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lagalaxy77 279 Another shot followed the first, and dropped into the water; and if it had gone fifty feet farther, it would have struck the boat. "I should be extremely sorry to put a ball through your head, Captain Passford, not only because it would disfigure a handsome face, but because you may be of great use to me," replied the pirate. lagalaxy77 "Without reflecting upon your decision, I must deny that I am a Confederate, and proclaim that my motto is 'Stand by the union!'" "You need not have. You have played your part remarkably well, Mr. Passford, and it was an excellent idea on the part of Major Pierson, who suggested this plan of putting you in the place of your cousin. He had seen you and your relative together, I believe?" "That is all I have to say about him. I studied the skipper of the sloop and watched him. I am sure he did not fire a musket, and he seemed to take no part in the affairs of the men on board. Captain Flanger is the active man of the party; but I have no idea who or what he is. If you look at the skipper, you will see that he is an octoroon, or something between a mulatto and a white man, and in my opinion he is not a cheerful worker on that side of the house. Perhaps the skipper will be willing to tell you who and what the party are. They claimed to be private citizens, and that the sloop was bound to Appalachicola; perhaps the gentleman in black can explain the mission of the party." In the official record of a certain regiment recruited up to the full standard, we find that 47.5 per cent of the non-commissioned officers and privates were under twenty-one years of age. We find a few in the list who were only sixteen and seventeen years. In this regiment, 8 we find two captains only twenty-one years of age, and three lieutenants who were only twenty. This regiment was exceptional in regard to age, though we find that over twenty-five per cent of several companies, taken at random, were under age. Even boys of fourteen and fifteen were enlisted as musicians, "drummer boys," and served out their full term. It can, therefore, be truthfully said, that those who were literally "boys" did their full and fair share in fighting for the union. Perhaps even a larger proportion of minors served in the navy than in the army; and the record of some of them could be recited to prove that in those days boys became men prematurely, and distinguished themselves by brave and daring deeds. "That is the shoalest we shall get," added the officer. "Take a force of twelve men, with pistols and cutlasses, Mr. Pennant, in the first cutter, and pull down to the south-east. Whatever you find in the shape of a vessel or a boat, capture it, and return to the Bronx. Get off with as little noise as possible, and muffle your oars." ufa 24h The Conference in the Captain's Cabin.—Page 70. Christy did not believe that the second lieutenant would turn in at the time indicated, though he might make a pretence of doing so, and shut himself up in his stateroom. Mr. Galvinne proceeded to say that he should have Rockton and Warton ready to make Mr. Flint a prisoner in case he became too inquisitive. Nichols and Sayles would 160 be available near the quarter-deck in case any demonstration was made by any portion of the crew. 219 The moment he put his feet upon the deck, the commander stepped back, with a look of profound astonishment, if not of dismay, on his face, as he glanced at the important prisoner of the party. At first he seemed to be unable to believe the evidence of his senses, and gazed with intense earnestness at the gentleman. The morning mail brought a letter from Captain Passford, informing the family that he was detained in Washington, and that he could not be at home to say good-by to his son, who was to leave that day in the store ship Vernon. He wrote a special letter to Christy, containing not only his adieux, but the good advice he would otherwise have given him in person. "I think you told me that you had had some experience on board of steamers, Pennant," replied Christy. Christy looked at the stranger with astonishment, and he could not imagine who he could be. He had seen no such person on board of the Bronx or on the deck of the flag-ship. When the prisoners from the Magnolia had been brought on board, Christy had been too much occupied with other matters to bestow any attention upon them with the exception of "the dignified gentleman in black," who proved to be his uncle. He had had no curiosity in regard to them, and Mr. Camden had disposed of them at the rail. 237 The young commander did not feel entirely sure that his ruling was correct, for a naval officer must be learned in a great variety of subjects which he had not had time to study; but he was willing to take the responsibility in the present instance. CHAPTER IX A MORAL PHILOSOPHER. ufa 2300 เขาสระบบ After half an hour of questioning, Corny was sent to the ward room, and Christy was called to 78 the captain's cabin. About the same questions were put to him as to his cousin; but both of them were prompt in their answers. In the last two years, Corny had been more at Bonnydale than Christy, and he was quite as much at home there, so that there was no reason why he should not be able to describe the mansion and its surroundings as accurately as the genuine Lieutenant Passford. "I may yet be called upon to serve under you 253 some time in the future; and I did not wish to have any prejudice against me on account of my decision, in which my officers concurred." "Mr. Flint, send Mr. Camden in the first cutter and Mr. Pennant in the second to take possession of that steamer," said Christy, holding on at the rail in front of him. "Put fifteen men well armed into each boat, and send the second engineer with 356 them. Hurry them off, or they may burn the vessel." "I have done something in the business, and perhaps I can cure the man who is sick, if they have the proper medicine," added the officer. Colonel Passford was naturally very anxious to ascertain what had been done, and what was to be done, by the Bronx; but the steward was too discreet to answer any of his questions, and he was not aware that his son Corny was a prisoner on board as well as himself. "You did not come on board of the Vernon 51 last evening!" exclaimed Captain Battleton, gazing very earnestly into the face of his passenger. "Now burn your roman candle, and let us get 337 off as soon as possible," said Mr. Pennant. "Bowman, help this man to a seat in the stern sheets;" and he assisted Uncle Job to get in himself. CHAPTER XX AN EXPEDITION TO ST. ANDREW'S BAY "I did, captain; I keep copies of all my reports. I have them in my valise," answered he of the South in a matter-of-fact manner. "I can; but I have not had time to consider any 97 events or circumstances, and it would not be treating Captain Battleton with proper respect to submit a string of crude conjectures to him." Before the close of the conference the Atlantic had begun to be quite "sloppy," and the Vernon was now laboring in an ugly cross sea, which caused her to roll heavily. "I do; one of the officers told me all about it not half an hour ago," answered Rockton. "The fellow who is asleep there is the other Passford."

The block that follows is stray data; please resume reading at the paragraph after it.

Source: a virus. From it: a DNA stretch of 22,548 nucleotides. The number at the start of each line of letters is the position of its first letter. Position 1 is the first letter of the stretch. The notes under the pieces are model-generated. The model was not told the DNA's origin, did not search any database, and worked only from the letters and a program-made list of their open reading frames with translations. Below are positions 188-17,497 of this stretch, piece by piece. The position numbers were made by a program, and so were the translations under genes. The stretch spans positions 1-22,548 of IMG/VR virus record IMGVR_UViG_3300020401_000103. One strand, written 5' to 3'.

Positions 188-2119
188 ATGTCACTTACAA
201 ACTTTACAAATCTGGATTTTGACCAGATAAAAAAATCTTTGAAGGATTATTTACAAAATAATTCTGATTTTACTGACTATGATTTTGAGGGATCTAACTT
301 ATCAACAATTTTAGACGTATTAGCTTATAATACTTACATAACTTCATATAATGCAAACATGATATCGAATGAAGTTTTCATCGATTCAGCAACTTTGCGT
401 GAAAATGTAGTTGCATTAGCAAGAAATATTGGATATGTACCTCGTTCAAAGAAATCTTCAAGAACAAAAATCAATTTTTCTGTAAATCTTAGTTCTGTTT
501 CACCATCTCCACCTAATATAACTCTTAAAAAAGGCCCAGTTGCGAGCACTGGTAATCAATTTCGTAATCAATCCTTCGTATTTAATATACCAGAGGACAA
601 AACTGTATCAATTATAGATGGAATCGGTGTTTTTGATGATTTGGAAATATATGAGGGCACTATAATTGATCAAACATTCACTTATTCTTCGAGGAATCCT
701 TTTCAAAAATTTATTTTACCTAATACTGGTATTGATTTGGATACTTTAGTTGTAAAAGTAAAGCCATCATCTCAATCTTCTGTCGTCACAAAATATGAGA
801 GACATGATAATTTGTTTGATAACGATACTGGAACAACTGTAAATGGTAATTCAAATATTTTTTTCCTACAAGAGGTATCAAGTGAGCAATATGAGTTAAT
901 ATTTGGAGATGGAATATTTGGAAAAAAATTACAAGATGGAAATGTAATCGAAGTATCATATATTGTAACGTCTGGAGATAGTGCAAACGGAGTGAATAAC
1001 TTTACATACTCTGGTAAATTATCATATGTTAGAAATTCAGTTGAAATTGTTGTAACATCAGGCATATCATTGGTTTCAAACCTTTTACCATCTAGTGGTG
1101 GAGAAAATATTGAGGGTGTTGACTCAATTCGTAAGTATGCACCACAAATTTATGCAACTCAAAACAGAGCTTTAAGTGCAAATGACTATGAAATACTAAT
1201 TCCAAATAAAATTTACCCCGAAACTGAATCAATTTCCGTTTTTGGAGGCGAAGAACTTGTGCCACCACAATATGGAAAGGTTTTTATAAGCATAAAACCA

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lagalaxy77 The prisoner was disposed to make further resistance, but two men fell upon him and made him fast to one of the thwarts. The leader of the party, as he appeared to be from the first, could do no further mischief, and the lieutenant gave his attention to the others on board of the sloop. The dignified gentleman, who was dressed in black clothes, though they had suffered not a little from contact with grease and tar, had seated himself in the standing room. He looked like a man of many sorrows, and his expression indicated that he was suffering from some cause not apparent. "I am very much obliged to you, Captain Passford, for this favor; and I know you would not give me the place if you did not think me worthy of it," replied the seaman as he went forward and called the watch to the mainmast. CHAPTER XXXI A WOUNDED COMMANDER "Your views, if you please, Dr. Connelly." "Without reflecting upon your decision, I must deny that I am a Confederate, and proclaim that my motto is 'Stand by the union!'" 153 "He is what the Yankees call smart, and I know he is all that," added Corny. "What do you suppose has become of him? When Captain Battleton sent for him in order to let the commodore see us both together, he could not be found. As you know, all three vessels were very thoroughly searched without any success." The Conference in the Captain's Cabin.—Page 70. ufaone Suddenly the officer started back, and began to look very sharply at the presumed sailor. But the file pressed behind him, and Christy was too glad to move with it to delay a moment longer. He went below to the familiar quarters of the crew, and saw many of his old seamen still on board, though many of them had been taken to reinforce other vessels. "I think the men are all right, and, so far as I can ascertain, not a man is a rebel," said Ralph in answer to a question of the executive officer. "I figured up the course a while ago, and I think we are off St. Andrew's Bay. If they had not put her about and run for an hour or more to the westward, I should be satisfied in regard to my position; as it is, I am not quite clear in regard to it," replied the commander. "We are coming up with the shore," said Mr. Flint, as Christy joined him on the bridge. "I expect they have sent all the strong ones up to work on the fortifications." CHAPTER III CHRISTY PASSFORD IS UTTERLY CONFOUNDED Corny politely saluted Mr. Flint, the acting commander of the gunboat. Mr. Galvinne was introduced, and there was plenty of bowing and formal politeness. Corny presented his commission and orders for the inspection of the officer in command, and for the present the formalities were completed. Corny was evidently in command of the Bronx; but Christy could not determine the position of Mr. Flint, and he watched his movements with intense interest for some time. "I may be mistaken, Captain Passford, but I think that steamer is the Bellevite," added Mr. Flint. "Who is it? What is the matter?" demanded the lady of the mansion, in tones which indicated anxiety if not alarm. "I suppose you were religiously inclined when you were engaged in the business of smuggling," added the commander. ufa191 เขาสระบบ "I have been living on a hot gridiron for the last ten days, and in the first moments of freedom I overstepped the limits of propriety. I hope we understand each other now, for we are engaged in an important enterprise, and we cannot afford to be at variance," replied the naval officer. "Our work is yet unfinished, though it has progressed admirably so far. Have I your permission to open this sealed envelope?" When he realized that the scheme of his cousin, or whoever had devised it, was in a fair way to accomplish its object, Christy felt that he must do something. Though he was a prisoner and in 116 disgrace, he did not feel that he was absolved from the duty of attempting to save the Bronx to the union. He had refused to accept a parole, or anything of that kind, and his honor as an officer did not require him to submit to the discipline of his situation. He was a prisoner; but the responsibility of retaining him as such belonged to the captain of the Vernon for the present. "Of course we are not bound to obey the orders of the union flag-officer," added Corny. "But now you know the situation thoroughly, Mr. Galvinne, and I suppose you are ready to arrange your plans for the future." Another shot followed the first, and dropped into the water; and if it had gone fifty feet farther, it would have struck the boat. lagalaxy77 "At Bonnydale, on the Hudson," replied Corny confidently. CHAPTER I A MYSTERIOUS VISITATION